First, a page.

Almost everyone uses social media nowadays. In 2021, it was projected that there were around 4.26 billion social media users worldwide. That number is expected to rocket to almost 6 billion by 2027, which is 80% of the current world population. With social media being a very normal and prominent part of our daily lives, it can be difficult knowing where to draw the line when it comes to what you share online. 

We all know someone who posts one too many photos to get more likes on Instagram or checks into every location they visit on Facebook. While this may all seem like a fun way to digitally document your life, there are some real risks involved when there is too much information about yourself online.

Your privacy matters

There were many discussions recently about privacy on social media platforms. Facebook, the world's largest social media network, found itself in hot water after failing to protect users' personal data in the Cambridge Analytica incident. As a result, more people are becoming cautious about the information they choose to disclose online. Cybersecurity measures, such as a free VPN, are increasingly being used to address privacy issues. 

While there are options to keep your social media profiles private to the general public, there is always the possibility that your accounts could be part of a data leak or even the target of malicious hackers. You may not think information such as your phone number, email, or the last location you were tagged in to be adjacent to your personal safety, however, this information in the wrong hands could be dangerous.

An email or phone number on your social media might not fall under the scope of oversharing, especially if you regularly check your privacy settings, but this is not necessarily the information you want to share with everyone and anyone. 

What exactly is so risky about oversharing?

The biggest risk when it comes to oversharing online is that criminals have the opportunity to learn important information about you. This can include:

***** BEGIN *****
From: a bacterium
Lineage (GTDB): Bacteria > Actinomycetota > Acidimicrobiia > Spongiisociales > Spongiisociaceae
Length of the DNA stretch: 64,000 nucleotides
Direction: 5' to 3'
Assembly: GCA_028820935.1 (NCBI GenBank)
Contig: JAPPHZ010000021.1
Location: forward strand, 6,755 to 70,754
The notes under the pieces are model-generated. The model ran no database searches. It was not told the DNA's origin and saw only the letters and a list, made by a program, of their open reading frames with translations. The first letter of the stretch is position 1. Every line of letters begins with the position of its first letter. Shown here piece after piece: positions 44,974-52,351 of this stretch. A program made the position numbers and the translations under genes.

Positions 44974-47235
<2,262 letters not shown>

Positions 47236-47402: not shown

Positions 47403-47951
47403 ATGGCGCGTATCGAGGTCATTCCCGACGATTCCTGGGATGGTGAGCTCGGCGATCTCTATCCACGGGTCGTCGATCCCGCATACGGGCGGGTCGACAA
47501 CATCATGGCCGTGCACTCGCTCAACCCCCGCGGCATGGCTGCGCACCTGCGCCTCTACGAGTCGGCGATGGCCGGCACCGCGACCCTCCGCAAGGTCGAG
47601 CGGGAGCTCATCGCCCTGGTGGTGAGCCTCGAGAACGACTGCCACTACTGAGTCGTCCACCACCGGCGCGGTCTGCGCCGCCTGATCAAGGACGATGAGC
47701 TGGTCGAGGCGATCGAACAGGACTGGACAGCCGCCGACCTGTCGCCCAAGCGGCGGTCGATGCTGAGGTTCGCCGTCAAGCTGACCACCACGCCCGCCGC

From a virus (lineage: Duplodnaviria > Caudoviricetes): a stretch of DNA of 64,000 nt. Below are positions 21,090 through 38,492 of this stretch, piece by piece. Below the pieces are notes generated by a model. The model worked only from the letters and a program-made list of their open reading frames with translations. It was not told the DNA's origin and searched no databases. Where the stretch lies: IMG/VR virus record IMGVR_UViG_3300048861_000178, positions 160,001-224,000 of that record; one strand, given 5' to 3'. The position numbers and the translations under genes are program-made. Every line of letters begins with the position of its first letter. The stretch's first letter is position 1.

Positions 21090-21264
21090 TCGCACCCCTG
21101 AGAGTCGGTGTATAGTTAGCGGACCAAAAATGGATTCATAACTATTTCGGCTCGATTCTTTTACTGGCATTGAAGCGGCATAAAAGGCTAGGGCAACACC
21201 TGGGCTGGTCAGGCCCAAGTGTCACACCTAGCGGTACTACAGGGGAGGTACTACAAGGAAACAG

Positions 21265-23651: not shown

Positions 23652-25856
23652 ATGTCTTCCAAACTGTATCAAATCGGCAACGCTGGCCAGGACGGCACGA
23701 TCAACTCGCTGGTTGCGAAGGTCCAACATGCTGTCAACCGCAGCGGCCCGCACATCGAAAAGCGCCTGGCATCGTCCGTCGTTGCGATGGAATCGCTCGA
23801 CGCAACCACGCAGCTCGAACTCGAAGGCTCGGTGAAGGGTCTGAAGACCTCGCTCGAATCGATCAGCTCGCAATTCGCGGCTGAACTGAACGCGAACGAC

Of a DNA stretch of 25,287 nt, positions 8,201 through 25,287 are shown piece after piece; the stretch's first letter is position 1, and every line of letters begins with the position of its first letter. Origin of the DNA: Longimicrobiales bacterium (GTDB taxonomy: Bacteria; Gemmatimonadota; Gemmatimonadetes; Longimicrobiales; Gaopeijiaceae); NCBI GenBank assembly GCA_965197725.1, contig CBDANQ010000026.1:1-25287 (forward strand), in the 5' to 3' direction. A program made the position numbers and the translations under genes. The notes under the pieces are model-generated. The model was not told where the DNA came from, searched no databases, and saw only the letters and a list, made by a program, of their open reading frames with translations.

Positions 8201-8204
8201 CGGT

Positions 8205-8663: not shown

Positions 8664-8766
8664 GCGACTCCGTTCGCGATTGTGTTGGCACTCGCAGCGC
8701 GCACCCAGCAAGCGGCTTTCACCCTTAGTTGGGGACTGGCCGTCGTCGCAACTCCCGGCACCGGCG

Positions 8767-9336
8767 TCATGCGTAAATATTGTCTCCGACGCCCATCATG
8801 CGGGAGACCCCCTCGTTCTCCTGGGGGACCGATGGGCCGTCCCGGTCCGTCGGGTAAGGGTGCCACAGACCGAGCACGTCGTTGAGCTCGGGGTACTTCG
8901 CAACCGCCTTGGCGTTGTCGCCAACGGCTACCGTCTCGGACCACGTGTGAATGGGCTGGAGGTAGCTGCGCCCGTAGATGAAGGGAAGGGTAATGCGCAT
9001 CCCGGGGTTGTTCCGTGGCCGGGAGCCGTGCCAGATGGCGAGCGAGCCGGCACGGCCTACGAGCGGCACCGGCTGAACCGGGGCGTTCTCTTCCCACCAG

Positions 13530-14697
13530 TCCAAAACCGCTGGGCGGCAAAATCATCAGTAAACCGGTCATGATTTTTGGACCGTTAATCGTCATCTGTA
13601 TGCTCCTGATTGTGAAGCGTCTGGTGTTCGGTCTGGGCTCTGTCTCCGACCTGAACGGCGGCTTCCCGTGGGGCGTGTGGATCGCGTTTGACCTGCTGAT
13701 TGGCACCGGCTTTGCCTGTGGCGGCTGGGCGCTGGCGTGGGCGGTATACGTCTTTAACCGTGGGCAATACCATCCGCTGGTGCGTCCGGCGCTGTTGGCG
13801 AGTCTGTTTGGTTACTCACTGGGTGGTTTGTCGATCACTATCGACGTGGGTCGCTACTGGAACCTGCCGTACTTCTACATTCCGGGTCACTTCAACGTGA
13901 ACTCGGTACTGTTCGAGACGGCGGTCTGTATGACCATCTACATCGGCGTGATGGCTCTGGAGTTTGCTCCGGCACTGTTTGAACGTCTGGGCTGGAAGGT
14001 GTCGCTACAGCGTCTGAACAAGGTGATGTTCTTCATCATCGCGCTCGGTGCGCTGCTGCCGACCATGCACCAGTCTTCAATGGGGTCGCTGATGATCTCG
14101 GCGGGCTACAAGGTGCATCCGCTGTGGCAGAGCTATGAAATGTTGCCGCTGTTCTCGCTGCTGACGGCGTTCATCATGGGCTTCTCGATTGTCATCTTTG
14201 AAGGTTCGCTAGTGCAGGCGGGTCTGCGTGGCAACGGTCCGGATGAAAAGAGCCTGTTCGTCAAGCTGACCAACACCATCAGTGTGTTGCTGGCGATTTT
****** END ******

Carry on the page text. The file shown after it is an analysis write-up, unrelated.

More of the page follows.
• Posting pictures from your current trip may notify criminals that you are currently away from home. If they already know your normal location, your house may become a target for thieves.
  • Photos or information about family members may reveal their identities, place of work, and location. This can be done without their consent and could potentially make them a target for criminals.
  • Sharing photos of your home or hobbies may unwittingly expose to thieves that you have expensive items such as art, jewelry, valuable devices, or attractive collections.
  • Your password or security questions could be guessed using information from your life or past. "What was the name of your first pet?" or "Where did you go to high school?" are examples of popular security questions that hackers may frequently discover answers to by conducting a simple social media search on their target.

Many of us don’t think about the dangers of sharing something as innocent as a photo with our friends, however, we can inadvertently put our privacy at risk. It’s also worth remembering that once something is shared online, it is out there forever.

What can I do to protect my privacy?

The first step to protecting your privacy is to read your privacy settings and lock down your accounts. You can set your profiles to private and filter through any requests to follow your social media profiles to only people you know. There is also the option to restrict access to your photo albums on platforms such as Facebook to just family and friends. 

To reduce the risk of your passwords or security questions being easily guessed by hackers, turn on Two-Factor Authentication. This will dramatically decrease the chances of someone gaining access to your account as this requires a code for login from one of your trusted devices. 

A VPN is another great tool to protect privacy and security when accessing social media. If you frequently access your social media accounts while in public areas such as cafés or airports, you are likely connecting to unsecured public Wi-Fi. Hotspots like this are the perfect opportunity for hackers to intercept your traffic and gain access to your personal data. VPNs ensure that all your traffic passes through an encrypted tunnel, securing your connection and your device. 

The bottom line

Be mindful of what you may unintentionally share online. Oversharing on social media can have negative implications for both you and those around you. With the risk of our personal data being stolen or misused, it is advisable to make the safest choice when determining what to share on social media.